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Returning to the Land

Our Journey with Quinta Das Abelhas

In January 2017, we purchased 11 hectares of degraded pine monoculture farmland near the Serra da Estrela mountains in Central Portugal. We named the land Quinta Das Abelhas, Bee Farm in English, with the aim to bring back wildlife and create a safe space for pollinators, in particular the honey bees. This alongside with our neighbours, we are bringing back diversity to over 50 hectares of a once human degraded landscape. 


With much observation at the start, we slowly began with strategic land interventions guided by nature and witnessed how transformation of human abused ecosystems can occur quickly. A big shift occurred when rapidly the pine monoculture started to die from the nematode disease so we made a big intervention by removing around 3 hectares of dying pine. This allowed the dormant native trees to reawaken and oak, chestnut and alder buckthorn come through at a faster rate. We witnessed the land slowly reforesting itself alongside our own planting with a huge variety of species from gingko to medrona and many fruit and nut trees. 

Land Regeneration and Soil Health

We composted, green manured, mulched and applied water retention strategies such as swales. Over time we began to see an increase in the number and diversity of wild flowers, plants and insects. This has led to many more pollinators, bugs, butterflies, worms and bees and the bird life increasing. Highlights have been seeing the hoopoe rearing their young and bats breeding on the land.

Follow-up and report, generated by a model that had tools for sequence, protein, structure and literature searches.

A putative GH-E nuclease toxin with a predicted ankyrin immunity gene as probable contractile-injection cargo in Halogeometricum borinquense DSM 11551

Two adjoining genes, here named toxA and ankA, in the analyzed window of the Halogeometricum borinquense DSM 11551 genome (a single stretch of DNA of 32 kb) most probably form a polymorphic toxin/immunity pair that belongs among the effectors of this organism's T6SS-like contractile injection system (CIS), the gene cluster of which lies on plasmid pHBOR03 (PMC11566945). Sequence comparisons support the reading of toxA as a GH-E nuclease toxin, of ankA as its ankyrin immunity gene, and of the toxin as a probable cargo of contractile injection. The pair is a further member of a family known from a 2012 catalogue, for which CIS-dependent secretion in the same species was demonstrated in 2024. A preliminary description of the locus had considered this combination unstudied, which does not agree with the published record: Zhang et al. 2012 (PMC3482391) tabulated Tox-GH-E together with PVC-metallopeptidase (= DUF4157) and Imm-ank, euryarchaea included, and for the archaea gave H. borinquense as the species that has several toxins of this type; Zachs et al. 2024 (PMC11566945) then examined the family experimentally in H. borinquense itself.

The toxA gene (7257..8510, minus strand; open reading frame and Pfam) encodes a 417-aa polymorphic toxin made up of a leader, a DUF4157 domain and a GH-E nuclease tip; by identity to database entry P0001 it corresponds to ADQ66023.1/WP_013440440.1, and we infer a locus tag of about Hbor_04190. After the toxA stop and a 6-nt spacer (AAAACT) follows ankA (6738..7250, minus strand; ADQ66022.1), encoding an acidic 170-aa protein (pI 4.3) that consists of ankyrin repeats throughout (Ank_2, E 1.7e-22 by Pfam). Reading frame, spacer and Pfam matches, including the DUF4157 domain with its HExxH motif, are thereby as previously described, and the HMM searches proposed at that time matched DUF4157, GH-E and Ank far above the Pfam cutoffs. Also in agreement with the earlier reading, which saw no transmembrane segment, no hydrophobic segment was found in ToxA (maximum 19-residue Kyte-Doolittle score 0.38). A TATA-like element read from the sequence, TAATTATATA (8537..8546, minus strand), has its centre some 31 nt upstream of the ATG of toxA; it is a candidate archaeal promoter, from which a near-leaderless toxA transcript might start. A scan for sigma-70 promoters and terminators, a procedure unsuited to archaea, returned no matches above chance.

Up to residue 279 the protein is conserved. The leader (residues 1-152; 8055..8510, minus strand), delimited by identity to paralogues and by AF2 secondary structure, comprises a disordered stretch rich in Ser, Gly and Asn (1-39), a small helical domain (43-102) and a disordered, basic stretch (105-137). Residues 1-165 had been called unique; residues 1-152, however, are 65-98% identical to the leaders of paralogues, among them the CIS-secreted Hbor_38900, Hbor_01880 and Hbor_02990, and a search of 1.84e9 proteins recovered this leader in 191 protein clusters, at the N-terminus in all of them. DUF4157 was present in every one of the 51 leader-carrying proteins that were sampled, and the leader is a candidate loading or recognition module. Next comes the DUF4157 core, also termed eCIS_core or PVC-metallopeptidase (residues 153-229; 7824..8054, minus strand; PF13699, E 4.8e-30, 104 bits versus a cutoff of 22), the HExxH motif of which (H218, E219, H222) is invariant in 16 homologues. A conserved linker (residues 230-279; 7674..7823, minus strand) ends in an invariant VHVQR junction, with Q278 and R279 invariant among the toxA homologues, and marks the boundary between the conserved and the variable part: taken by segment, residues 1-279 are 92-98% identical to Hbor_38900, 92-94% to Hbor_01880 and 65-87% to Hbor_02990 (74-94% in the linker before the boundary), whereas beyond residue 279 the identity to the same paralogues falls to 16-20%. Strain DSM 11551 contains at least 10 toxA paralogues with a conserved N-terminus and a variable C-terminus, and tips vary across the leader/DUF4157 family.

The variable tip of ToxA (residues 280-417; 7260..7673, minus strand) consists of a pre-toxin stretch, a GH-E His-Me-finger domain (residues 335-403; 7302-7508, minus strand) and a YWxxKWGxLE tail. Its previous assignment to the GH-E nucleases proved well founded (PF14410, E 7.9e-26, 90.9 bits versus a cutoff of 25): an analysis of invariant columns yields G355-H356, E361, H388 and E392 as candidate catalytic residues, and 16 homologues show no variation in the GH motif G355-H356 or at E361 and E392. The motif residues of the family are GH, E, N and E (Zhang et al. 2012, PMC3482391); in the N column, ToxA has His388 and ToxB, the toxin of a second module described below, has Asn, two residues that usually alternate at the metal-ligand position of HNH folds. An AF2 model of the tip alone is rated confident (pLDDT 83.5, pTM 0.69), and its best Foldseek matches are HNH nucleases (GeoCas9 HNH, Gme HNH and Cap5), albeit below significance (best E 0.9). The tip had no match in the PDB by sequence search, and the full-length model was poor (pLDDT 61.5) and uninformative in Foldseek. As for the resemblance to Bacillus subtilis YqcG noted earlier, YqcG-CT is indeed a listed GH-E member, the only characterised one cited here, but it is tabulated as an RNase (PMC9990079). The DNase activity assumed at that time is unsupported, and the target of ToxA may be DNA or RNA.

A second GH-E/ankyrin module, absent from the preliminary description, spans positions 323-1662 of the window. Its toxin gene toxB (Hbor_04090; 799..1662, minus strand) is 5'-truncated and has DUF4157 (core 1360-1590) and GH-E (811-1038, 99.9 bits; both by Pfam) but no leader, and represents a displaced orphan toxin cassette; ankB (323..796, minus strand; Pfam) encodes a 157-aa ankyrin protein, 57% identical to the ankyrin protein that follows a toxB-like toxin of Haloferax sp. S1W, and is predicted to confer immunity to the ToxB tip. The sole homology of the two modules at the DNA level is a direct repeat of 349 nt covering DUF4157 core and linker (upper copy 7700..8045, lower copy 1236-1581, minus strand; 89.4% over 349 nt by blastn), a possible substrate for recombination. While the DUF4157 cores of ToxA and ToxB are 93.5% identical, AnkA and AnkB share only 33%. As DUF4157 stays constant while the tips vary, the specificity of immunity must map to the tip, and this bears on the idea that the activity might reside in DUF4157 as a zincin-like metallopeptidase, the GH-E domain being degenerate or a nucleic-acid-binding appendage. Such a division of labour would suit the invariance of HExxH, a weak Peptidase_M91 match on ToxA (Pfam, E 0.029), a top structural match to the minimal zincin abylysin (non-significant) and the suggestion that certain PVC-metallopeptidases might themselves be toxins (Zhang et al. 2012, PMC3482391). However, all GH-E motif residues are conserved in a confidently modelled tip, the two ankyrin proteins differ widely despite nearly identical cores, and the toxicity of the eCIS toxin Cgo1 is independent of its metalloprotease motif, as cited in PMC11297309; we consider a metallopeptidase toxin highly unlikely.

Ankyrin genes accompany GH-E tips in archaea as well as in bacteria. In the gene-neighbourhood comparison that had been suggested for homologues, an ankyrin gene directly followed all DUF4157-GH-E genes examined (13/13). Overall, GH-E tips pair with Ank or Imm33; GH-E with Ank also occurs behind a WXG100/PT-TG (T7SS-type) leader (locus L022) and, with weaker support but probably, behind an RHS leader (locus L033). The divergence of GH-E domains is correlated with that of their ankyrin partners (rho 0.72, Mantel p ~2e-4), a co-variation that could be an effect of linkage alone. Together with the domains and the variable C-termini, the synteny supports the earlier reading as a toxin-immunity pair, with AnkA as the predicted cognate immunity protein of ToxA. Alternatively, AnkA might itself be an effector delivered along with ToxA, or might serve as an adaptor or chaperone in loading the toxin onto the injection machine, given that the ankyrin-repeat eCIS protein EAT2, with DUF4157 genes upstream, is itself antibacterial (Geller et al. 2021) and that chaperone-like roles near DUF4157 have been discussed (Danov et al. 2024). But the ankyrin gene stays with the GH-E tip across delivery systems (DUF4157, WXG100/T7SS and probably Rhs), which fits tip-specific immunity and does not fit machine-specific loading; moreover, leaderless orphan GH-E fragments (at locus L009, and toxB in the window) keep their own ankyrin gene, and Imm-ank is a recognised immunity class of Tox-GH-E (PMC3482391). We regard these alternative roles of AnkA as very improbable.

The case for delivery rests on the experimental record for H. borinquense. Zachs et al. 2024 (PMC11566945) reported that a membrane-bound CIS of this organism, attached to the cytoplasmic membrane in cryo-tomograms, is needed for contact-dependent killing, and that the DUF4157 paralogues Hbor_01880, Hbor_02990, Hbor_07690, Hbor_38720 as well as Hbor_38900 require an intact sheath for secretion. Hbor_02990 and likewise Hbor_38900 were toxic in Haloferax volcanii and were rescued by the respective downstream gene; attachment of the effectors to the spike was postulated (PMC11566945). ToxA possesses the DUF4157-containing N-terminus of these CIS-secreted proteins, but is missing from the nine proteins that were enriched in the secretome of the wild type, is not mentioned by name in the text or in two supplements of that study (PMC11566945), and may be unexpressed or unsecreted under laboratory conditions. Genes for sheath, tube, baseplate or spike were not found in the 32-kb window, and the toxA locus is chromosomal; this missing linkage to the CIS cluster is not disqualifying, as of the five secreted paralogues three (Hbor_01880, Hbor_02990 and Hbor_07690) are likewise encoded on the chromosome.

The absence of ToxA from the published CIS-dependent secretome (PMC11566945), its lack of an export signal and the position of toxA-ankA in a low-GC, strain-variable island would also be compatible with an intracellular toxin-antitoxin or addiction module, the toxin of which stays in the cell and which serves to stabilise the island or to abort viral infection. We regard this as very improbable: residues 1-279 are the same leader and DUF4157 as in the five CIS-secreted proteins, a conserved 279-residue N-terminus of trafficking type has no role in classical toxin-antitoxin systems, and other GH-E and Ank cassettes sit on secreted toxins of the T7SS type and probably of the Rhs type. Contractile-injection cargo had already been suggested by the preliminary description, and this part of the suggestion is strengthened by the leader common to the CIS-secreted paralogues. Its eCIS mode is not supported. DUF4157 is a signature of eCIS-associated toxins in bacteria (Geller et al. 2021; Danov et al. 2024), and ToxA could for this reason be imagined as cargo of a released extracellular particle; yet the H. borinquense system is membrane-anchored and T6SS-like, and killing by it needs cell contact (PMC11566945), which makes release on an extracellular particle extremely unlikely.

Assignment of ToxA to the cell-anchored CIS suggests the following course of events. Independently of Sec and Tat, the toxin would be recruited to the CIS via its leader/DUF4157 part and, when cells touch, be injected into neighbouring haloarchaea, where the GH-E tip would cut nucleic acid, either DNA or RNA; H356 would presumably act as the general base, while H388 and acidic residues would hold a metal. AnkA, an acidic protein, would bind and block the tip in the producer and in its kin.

The Honey Bees

Our passion is to find more honey bees living wild in the trees as nature intended. With so many of the old trees cut by humans and replaced by monocultures,  we produced and installed log hives on our land and neighbouring regeneration projects. These bee homes are not honey production centred but simply for the purpose of supporting bee health by mimicking the nests the bees have in nature.  

Regenerative Grazing 

In 2020, our neighbours horses came to the land which, over the next two years, was our exploration into regenerative grazing. This opened up the land to new potential, in particular we have seen the increase of mushroom and bug life, the manure enriching soil and land life. 

The Apple Orchard

We have 400 apple trees, of four different species, that was once maintained by pesticides. We have moved to an organic orchard with natural treatments such as nettle. The apples will retain the majority presence and we are allowing the new species that are coming through, such as the oak, to remain. The orchard is a collective space to work together, share the harvest and produce products such as juice, dehydrated apples, sauce, chutneys and apple cider vinegar. 

Organic Food 
Each year the food and herb growing area has expanded little by little on the land, becoming more local in all our food purchases and from neighbouring producers.

From a land abandoned 40 years ago, we are renovating two granite buildings back to life. For us it is like bringing back a little piece of history.